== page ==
Microsoft Flirts With Open Source for Windows
2.02 p.m. ET (1802 GMT) April 8, 1999
By Stuart Glascock
Microsoft executives signaled again Wednesday that they are thinking about
opening up the Windows source code, but flirting with the notion is all they seem
to be doing.
The company is "thinking with great interest" about opening the source code,
Steve Ballmer, Microsoft president, told a large audience at the Windows
Hardware Engineering Conference.
"We are trying to understand this whole notion of open source," Ballmer said.
"Most CIOs don't want their people to touch the source code," but some
customers find "a certain comfort level" in having access to the code.
While Microsoft executives have talked about opening the source code before,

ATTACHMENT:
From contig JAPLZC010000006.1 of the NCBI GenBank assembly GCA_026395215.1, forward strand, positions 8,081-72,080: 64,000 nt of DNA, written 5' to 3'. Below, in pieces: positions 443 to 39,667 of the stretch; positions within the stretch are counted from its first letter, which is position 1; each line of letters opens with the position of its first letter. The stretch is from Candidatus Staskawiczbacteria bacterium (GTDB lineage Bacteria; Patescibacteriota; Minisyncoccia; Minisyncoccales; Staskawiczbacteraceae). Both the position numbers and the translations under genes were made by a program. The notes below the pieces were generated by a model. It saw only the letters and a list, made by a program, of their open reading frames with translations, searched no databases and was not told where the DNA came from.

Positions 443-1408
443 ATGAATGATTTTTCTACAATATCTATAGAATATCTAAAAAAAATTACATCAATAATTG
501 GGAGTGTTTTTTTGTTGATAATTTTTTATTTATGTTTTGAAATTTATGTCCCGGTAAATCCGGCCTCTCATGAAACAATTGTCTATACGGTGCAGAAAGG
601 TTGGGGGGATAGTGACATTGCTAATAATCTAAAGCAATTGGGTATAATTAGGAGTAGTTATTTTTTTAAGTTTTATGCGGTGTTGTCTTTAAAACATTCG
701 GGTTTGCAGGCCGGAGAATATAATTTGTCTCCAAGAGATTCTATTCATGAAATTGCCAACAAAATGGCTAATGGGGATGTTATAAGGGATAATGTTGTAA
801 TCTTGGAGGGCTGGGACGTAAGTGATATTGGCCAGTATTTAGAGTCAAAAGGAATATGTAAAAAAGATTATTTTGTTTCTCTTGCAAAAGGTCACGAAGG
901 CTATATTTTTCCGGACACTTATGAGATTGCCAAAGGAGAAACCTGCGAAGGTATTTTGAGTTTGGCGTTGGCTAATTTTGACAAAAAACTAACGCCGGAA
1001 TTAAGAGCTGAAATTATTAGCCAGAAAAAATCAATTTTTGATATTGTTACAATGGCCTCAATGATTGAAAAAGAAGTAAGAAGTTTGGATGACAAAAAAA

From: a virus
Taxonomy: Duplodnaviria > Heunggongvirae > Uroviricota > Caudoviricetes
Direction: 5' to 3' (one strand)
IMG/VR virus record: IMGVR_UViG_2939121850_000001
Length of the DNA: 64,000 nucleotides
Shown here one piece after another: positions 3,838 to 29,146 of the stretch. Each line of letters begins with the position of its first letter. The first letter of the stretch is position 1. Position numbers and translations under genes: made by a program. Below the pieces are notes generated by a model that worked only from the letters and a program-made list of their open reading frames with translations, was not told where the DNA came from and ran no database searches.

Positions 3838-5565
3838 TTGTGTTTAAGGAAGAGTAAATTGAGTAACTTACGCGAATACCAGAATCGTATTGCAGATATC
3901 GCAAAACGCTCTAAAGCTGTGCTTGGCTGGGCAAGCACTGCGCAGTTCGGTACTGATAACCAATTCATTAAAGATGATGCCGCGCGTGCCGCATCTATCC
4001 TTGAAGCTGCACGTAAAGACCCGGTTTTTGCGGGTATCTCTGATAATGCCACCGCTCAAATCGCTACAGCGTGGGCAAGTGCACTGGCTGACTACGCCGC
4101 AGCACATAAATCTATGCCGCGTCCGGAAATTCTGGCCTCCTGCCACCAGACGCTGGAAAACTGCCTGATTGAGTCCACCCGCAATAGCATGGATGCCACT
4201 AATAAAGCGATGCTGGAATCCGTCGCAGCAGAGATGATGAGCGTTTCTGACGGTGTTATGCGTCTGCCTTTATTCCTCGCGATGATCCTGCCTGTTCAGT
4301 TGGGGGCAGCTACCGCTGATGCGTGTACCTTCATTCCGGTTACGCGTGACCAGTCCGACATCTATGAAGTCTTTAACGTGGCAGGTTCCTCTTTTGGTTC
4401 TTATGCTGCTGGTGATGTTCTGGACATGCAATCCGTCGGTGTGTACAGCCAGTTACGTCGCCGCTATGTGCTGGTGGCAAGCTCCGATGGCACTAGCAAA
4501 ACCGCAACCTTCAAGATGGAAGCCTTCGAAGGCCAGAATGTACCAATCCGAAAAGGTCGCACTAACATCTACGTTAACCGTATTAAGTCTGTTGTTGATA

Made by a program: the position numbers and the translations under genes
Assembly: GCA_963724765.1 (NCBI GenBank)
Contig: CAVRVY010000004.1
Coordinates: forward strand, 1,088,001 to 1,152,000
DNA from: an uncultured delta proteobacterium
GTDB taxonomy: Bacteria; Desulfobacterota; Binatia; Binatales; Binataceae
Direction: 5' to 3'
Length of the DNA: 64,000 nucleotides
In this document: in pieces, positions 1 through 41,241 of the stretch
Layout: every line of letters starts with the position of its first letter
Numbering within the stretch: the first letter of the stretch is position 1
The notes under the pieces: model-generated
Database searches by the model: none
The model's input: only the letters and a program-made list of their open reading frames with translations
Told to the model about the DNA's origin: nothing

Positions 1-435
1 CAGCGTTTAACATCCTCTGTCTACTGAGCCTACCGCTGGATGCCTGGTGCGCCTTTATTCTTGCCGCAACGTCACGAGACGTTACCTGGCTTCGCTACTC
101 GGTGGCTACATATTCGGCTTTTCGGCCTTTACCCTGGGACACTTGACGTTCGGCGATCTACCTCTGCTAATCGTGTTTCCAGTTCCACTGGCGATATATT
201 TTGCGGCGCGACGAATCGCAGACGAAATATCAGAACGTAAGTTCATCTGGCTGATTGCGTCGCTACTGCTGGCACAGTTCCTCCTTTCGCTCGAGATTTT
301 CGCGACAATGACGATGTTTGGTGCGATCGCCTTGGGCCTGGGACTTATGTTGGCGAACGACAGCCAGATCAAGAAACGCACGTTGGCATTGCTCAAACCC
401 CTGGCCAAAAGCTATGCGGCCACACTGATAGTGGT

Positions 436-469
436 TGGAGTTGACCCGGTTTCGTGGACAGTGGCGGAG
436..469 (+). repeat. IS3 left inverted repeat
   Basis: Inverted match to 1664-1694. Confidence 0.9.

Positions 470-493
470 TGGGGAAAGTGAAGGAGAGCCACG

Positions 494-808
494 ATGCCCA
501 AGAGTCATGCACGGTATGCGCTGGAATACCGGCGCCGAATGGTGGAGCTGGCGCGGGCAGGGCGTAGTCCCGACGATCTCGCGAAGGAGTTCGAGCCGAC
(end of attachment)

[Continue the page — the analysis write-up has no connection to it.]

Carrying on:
the ongoing Department of Justice antitrust trial may be putting the heat on.
Indeed, one of the remedies suggested in the case, should the government prevail,
is freeing up the code. The trial is currently in a recess.
Microsoft may also be motivated by upstart competitor Linux, a collaboratively
developed operating system that has growing support.
"When we see a competitor crop up like that, we are going to be very
competitive," said Brain Valentine, vice president for Windows operating
Microsoft has been conducting market research on whether customers want open
source code, Valentine said.
"We'll ask our customers if they want open source," he said. "We are seriously
considering it. To some extent, I don't have a problem with having the code out
During a question-and-answer session with reporters at WinHEC, Carl Stork,
general manager for Windows hardware strategy, said Microsoft already
publishes volumes of software-development kits, device driver kits, and other
technical data for developers.